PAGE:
GMC Makes a Premium Statement
GMC seems to have found a profitable niche in the midsized, premium truck segment with the GMC Canyon. In fact, GMC says that 56 percent of buyers come from a non-GM source of sales – notably the highest in the GMC lineup. These buyers are less concerned about fuel economy and more interested in luxury and conveniences, such as fitting their truck in their garage. These buyers are affluent and have the means to buy up, and they choose the Canyon. This week, GMC invited journalists to spend some quality time behind the wheel of the Canyon and the rest of the truck family including the Sierra, Sierra 2500HD and Sierra 3500 HD to see what’s new for 2016.
New for 2016, Canyon offers a 2.8L Duramax turbo-diesel engine that takes its segment-leading capability and efficiency to new heights, including a maximum trailering rating of 7,700 pounds (3,493 kg).
The standard engine remains a 2.5L four-cylinder that’s rated at up to 27 mpg on the highway, while an available 3.6L V-6 tops competitors’ V-6 offerings with up to 1,590 pounds (721 kg) of payload and up to 7,000 pounds (3,175 kg) maximum trailering.
On the technology front, phone integration enhances connectivity and promotes safer driving via the truck’s next generation IntelliLink system. This new technology allows smartphone users to connect with applications such as navigation, hands-free text messaging, entertainment and news through the display screen.
The base Canyon starts at $20,955.
The stalwart of the GMC truck family, the GMC Sierra underwent several changes to improve styling, performance, safety and technology. GMC’s best-selling truck gained a new, bolder, wider look; GMC says the new exterior is most important to its customers as styling continues to be the No. 1 reason for purchase.
Notable features include signature LED lighting, LED fog lamps, power locking tailgate, 8-speed transmission and 20-inch., chrome-clad aluminum wheels. Advanced engineering in the 2016 Sierra is manifested in next-generation technologies such as Lane Keep Assist, which helps keep the truck in its lane with subtle steering enhancements, and IntelliBeam headlamp control, which automatically adjusts the high beams for oncoming traffic. Both are added to the Driver Alert Package that’s available on SLT and Denali models. Additionally, new connectivity features are added for 2016 and include Apple CarPlay and Android Auto integration. The Sierra has a starting MSRP of $27,515.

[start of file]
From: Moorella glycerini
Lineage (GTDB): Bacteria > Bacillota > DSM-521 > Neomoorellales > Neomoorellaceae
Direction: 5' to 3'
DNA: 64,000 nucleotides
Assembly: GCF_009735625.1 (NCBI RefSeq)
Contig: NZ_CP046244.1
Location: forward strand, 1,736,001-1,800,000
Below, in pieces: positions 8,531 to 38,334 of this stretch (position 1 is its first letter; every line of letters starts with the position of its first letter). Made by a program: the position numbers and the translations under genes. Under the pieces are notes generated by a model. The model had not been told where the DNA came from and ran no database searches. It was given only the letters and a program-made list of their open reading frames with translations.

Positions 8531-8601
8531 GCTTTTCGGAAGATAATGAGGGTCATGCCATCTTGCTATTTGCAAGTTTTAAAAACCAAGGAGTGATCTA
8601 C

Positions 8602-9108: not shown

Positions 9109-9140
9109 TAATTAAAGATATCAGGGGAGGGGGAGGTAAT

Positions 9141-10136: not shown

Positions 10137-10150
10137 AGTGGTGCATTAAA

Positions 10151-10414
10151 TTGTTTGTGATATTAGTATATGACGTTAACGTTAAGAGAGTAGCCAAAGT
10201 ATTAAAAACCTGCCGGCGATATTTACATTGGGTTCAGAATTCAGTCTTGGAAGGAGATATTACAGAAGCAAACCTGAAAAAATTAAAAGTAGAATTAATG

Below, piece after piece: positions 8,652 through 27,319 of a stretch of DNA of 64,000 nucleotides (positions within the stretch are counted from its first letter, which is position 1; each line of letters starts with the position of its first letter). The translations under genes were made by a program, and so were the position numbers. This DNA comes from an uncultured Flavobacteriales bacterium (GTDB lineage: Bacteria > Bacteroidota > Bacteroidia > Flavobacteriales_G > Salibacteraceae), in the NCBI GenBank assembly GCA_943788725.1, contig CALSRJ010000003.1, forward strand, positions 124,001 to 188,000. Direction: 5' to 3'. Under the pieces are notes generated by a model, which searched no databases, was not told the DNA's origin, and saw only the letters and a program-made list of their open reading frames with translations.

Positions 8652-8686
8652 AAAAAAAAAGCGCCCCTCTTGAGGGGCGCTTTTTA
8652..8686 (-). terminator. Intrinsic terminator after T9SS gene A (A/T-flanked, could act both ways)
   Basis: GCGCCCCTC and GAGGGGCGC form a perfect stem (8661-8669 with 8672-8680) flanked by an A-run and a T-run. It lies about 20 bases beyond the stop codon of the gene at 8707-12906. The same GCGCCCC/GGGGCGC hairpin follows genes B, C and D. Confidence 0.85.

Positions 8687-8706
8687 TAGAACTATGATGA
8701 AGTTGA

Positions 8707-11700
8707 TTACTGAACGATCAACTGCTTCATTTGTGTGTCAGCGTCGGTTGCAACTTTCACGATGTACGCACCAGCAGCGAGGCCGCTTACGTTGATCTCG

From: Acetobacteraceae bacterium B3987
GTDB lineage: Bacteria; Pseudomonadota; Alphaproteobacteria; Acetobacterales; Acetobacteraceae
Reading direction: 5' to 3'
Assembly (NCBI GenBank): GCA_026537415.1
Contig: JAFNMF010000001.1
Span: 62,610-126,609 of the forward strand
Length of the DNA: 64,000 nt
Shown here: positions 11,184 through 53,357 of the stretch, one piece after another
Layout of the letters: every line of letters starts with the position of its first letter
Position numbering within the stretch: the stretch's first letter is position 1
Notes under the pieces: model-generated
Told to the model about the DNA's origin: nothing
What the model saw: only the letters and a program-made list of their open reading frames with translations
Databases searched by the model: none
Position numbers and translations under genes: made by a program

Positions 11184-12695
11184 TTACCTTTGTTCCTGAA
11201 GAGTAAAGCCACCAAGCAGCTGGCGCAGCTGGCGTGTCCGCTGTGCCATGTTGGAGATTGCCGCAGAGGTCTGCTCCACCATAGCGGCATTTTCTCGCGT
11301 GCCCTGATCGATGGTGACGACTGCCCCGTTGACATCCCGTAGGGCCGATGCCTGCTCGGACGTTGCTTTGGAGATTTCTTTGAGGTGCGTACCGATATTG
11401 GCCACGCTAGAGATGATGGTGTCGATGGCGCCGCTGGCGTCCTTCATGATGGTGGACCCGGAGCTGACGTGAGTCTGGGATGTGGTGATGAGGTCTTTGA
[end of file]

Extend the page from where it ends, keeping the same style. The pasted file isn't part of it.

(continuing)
GMC Sierra 2500HD and 3500HD
The heavy-lifters, the Sierra 2500HD and 3500HD, both received enhanced connectivity along with new Active Steering Assist. New features for 2016 include GMC’s IntelliLink with an enhanced 7- or 8-inch infotainment system with a color touchscreen, a new HD radio and Apple CarPlay/Android Auto capability. Wireless phone charging and an available remote locking tailgate round out the new features.
The Sierra 2500HD and 3500HD models – including Sierra Denali HD – are offered with the Duramax 6.6L turbo-diesel and Allison 1000 six-speed transmission, a powertrain combination that enables a maximum trailering rating of up to 23,200 pounds (10,523 kg). The standard engine in the 2500HD and 3500HD models is the 6.0L FlexFuel V-8, which can run on gas, E85 or a combination of both.
The 2500HD starts at $32,800; the 3500HD base is $34,635.
According to GMC, the Sierra Denali HD is the ultimate expression of the Sierra HD range and offers distinctive styling and exclusive amenities that take the truck’s signature comfort and crafted interior environment to the highest level. The Sierra 2500 Denali HD starts at $54,590 and the 3500 Denali HD begins at $54,575.
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